This paper presents a laboratory study of hydraulic fracture/natural fracture (HF/NF) interaction using a set of sandstone blocks from the Keshen sandstone formation, Tarim Oil Field. Simulated natural fractures were created in each block with strike and dip directions similar to those commonly encountered in the Keshen sandstone reservoirs. Each block was loaded in a strike-slip stress state in a polyaxial stress frame and hydraulically fractured. Many of the results of this test are consistent with previous experimental and numerical studies from the literature. However, whereas most other experimental or numerical studies of this type pose the problem in such a way that a 2D approximation is justified, both the dipping natural fractures and the strike-slip stress state resulted in 3D effects that have not been reported previously. When a hydraulic fracture crosses a dipping natural fracture, rather than reinitiating as a planar fracture, the fracture may instead split into a series of en-echelon fractures. Test results also show that different perforation orientations greatly affect the treating pressure and the final fracture network. These effects have important implications for practical stimulation design in strike-slip environments, and/or environments with dipping natural fractures.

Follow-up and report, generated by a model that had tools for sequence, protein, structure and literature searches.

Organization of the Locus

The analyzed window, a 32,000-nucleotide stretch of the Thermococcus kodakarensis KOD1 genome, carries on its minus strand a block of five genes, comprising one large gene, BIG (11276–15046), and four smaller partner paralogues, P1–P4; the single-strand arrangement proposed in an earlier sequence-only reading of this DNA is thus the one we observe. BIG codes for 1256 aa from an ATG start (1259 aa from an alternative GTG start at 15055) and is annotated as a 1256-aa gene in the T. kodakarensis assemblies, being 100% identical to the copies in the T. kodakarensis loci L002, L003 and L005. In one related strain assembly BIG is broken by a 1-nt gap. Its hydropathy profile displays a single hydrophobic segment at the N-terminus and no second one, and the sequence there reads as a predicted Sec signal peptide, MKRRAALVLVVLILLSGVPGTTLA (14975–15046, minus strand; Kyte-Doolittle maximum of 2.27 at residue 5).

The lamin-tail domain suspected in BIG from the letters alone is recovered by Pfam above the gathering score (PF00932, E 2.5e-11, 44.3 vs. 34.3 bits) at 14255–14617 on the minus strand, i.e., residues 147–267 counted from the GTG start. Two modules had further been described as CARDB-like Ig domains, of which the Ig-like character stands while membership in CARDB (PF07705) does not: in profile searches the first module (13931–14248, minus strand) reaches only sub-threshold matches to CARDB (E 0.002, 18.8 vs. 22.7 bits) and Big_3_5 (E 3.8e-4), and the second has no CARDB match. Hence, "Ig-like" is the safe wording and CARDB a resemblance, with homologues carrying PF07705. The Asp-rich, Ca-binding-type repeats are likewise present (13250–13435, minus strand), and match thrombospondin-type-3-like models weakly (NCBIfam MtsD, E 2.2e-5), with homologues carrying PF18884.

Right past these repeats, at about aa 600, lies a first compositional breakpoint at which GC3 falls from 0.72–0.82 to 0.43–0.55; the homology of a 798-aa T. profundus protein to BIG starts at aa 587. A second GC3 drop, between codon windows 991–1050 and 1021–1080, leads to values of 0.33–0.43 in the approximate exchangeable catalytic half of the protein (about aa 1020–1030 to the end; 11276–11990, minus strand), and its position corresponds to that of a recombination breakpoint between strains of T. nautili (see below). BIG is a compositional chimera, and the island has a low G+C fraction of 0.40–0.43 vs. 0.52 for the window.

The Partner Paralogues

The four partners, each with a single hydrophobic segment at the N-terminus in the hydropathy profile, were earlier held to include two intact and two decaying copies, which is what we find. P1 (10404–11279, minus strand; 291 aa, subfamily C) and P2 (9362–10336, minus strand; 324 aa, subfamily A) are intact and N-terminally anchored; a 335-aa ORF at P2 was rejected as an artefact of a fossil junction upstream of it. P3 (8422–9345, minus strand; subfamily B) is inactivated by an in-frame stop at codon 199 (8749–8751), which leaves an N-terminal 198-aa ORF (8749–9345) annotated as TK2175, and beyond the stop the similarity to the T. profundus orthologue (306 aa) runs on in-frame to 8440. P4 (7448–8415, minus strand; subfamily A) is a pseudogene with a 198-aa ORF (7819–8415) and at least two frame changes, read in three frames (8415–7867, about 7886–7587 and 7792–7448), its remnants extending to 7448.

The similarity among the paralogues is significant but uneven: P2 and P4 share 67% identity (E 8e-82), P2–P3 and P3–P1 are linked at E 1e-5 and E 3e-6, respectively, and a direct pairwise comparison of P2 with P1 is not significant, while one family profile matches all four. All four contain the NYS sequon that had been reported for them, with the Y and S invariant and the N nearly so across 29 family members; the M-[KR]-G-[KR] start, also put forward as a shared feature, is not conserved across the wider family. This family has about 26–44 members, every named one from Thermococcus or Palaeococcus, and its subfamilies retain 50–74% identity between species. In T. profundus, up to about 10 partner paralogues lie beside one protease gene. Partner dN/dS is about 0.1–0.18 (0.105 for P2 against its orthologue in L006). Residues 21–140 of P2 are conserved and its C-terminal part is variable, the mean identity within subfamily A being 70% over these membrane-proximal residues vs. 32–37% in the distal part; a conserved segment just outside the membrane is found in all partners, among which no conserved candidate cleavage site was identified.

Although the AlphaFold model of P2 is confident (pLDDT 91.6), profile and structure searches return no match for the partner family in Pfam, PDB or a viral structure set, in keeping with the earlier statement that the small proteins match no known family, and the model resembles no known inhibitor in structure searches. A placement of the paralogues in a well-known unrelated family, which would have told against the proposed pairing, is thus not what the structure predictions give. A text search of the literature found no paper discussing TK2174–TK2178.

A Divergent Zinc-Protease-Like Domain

Hydraulic fracturing has become a critical aspect of economic production of oil and gas in many fields. As petroleum exploration and development expanded into lower and lower permeability reservoirs, the success of hydraulic stimulation treatments became more and more critical. At the same time, improved imaging and diagnostic techniques has led to a greater appreciation that hydraulic fractures were often complex 3D networks rather than simple planar structures. This has led to a large number of theoretical and experimental studies on the interaction between hydraulic fractures (HF) and natural fractures (NF), which has significantly improved our understanding of the mechanisms involved. These studies have shown that generally, larger differences between the principal stresses diminish the effect of natural fractures (Blanton, 1986) (C. & Pollard, 1995), as does higher viscosity fluids and higher pumping rates (Chuprakov, Melchaeva, & Prioul, 2014). While these studies have led to a significantly improved understanding of how and why complex hydraulic fracture networks develop, virtually all studies to date, both experimental and theoretical, have been essentially limited to 2D plane strain approximations. This is a good approximation to many field cases, and is a necessary simplification in many cases both to preserve the mathematical tractability of the problem and because of computational resources. This paper will present the results of a laboratory study of HF/NF interaction where this 2D plane strain approximation is inadequate. It will be shown that the geomechanical conditions of this field lead to some HF/NF interaction mechanisms that are fundamentally 3D and therefore are not captured by existing HF/NF interaction models, and yet are likely to have important implication for successful petroleum production.

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